Report On Visit To Fri Institute

An educational vist for students of M.Sc. Zoology Ist and IIIrd Semester was organized by Department of Zoology to Forest Research Institute, Dehradun  on 14 , september, 2017


The Forest Research Institute is an institute of the Indian council of Forest Research and Education and is a premier institution in the field of forestry research in India. It is located at Dehradun in Uttarakhand, and is one of the oldest institutions of its kind. In 1991, it was declared a deemed university.

Founded in 1878 British Imperial Forest School, by Dietrich Brandis. In 1906, reestablished as the ‘Imperial Forest Research Institute’, under the British Imperial Forest service (IFS). The ‘Indian Forest College’ was established in 1938; officers recruited to the Superior Forest Service by the states and provinces were trained there. Styled in Greeko Roman Architecture by C.G. Blomfield, the main building is a National Heritage which was inaugurated in 1929. FRI Dehradun is one of the oldest institutions of its kind and acclaimed the world over. The Institute’s history is virtually synonymous with the evolution and development of scientific forestry, not only in India, but over the entire sub –continent. Set in a lush green estate spread over 450 hectares. The Institute has a developed infrastructure of all equipped laboratories, library, herbarium, arboreta, printing press and experimental field areas for conducting forestry research, quite in keeping with the best of its kind anywhere in the world.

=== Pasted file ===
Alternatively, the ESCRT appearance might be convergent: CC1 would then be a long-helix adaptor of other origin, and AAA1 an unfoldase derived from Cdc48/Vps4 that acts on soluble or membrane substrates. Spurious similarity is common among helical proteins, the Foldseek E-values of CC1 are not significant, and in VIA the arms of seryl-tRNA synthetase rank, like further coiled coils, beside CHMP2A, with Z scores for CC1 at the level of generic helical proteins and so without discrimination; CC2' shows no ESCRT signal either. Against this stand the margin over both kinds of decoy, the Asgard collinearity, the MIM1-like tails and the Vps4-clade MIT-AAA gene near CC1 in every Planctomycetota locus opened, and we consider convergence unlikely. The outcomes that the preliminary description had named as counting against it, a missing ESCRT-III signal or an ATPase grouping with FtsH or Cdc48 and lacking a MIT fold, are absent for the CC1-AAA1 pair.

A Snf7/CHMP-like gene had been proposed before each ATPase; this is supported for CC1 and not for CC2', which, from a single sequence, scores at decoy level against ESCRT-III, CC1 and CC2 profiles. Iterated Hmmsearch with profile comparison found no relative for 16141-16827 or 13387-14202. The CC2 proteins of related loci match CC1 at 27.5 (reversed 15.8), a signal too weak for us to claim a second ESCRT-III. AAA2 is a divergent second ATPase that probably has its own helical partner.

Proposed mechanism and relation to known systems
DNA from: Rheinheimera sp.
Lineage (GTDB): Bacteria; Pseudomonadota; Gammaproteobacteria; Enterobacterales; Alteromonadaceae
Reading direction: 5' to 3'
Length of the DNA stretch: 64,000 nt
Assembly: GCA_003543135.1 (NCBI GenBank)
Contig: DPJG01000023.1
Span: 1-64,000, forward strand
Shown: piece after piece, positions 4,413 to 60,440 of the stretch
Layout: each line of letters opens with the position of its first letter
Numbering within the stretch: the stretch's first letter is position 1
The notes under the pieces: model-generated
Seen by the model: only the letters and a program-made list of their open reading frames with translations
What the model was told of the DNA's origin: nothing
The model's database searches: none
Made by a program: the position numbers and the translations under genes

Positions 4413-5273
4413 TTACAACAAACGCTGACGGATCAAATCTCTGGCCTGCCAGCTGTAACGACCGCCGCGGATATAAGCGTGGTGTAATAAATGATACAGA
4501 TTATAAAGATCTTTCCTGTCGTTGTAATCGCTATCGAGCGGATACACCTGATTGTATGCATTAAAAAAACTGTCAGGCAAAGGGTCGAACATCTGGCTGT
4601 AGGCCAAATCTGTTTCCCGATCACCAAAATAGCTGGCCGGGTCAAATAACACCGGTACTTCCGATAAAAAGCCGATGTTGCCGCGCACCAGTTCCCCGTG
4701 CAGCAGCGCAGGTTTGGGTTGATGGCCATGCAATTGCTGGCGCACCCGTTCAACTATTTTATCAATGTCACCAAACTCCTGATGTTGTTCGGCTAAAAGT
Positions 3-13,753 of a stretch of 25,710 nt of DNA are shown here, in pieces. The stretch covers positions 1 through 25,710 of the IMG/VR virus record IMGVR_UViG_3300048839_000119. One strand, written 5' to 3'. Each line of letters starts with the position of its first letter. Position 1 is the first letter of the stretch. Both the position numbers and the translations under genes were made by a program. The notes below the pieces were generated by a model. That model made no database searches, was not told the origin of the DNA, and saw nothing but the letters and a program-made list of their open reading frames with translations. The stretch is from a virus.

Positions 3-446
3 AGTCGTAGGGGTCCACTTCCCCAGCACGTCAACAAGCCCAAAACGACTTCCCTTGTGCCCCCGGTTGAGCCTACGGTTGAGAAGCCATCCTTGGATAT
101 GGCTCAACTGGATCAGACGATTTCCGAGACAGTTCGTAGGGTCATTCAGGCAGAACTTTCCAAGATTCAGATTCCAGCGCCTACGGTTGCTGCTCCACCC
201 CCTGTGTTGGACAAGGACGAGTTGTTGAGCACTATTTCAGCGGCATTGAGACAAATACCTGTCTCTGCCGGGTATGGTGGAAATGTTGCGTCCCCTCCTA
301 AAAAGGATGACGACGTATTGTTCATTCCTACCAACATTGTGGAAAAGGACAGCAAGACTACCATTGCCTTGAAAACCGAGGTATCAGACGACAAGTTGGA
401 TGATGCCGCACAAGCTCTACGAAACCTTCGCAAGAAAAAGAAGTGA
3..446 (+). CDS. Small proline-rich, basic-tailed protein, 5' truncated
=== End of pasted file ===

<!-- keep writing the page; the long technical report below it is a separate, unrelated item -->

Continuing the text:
It is 7 km from Clock Tower, on the Dehradun-Chakrata motor able road and is of the biggest forest based training institute in India. Most of the forest officers are a product of this institute. The F.R.I. with its majestic building also houses a Botanical Museum for the attraction of tourists. FRI and College area campus is a census town, the Indian Military Academy to the south. The Tons River forms its Western Boundary.

About the museum- We are visit to all museum of FRI. There are also contains six sections of the museum.


FIRST MUSEUM OF PATHOLOGY – Forest Pathology museum houses 900 exhibits of various economically important tree diseases and timber decays these are further divided according to the part of the plant affected namely root disease, stem disease and foliage disease. Important tree diseases such as heart-rot in khair, sal, teak and deodar and root-rot in khair, sal and pines have been displayed. Degradation of timber and timber products caused by micro- organisms are also displayed. Beneficial role of fungias mycorrhiza to establish and promote tree growth especially in pines and the value of fungi as a source of food are also displayed.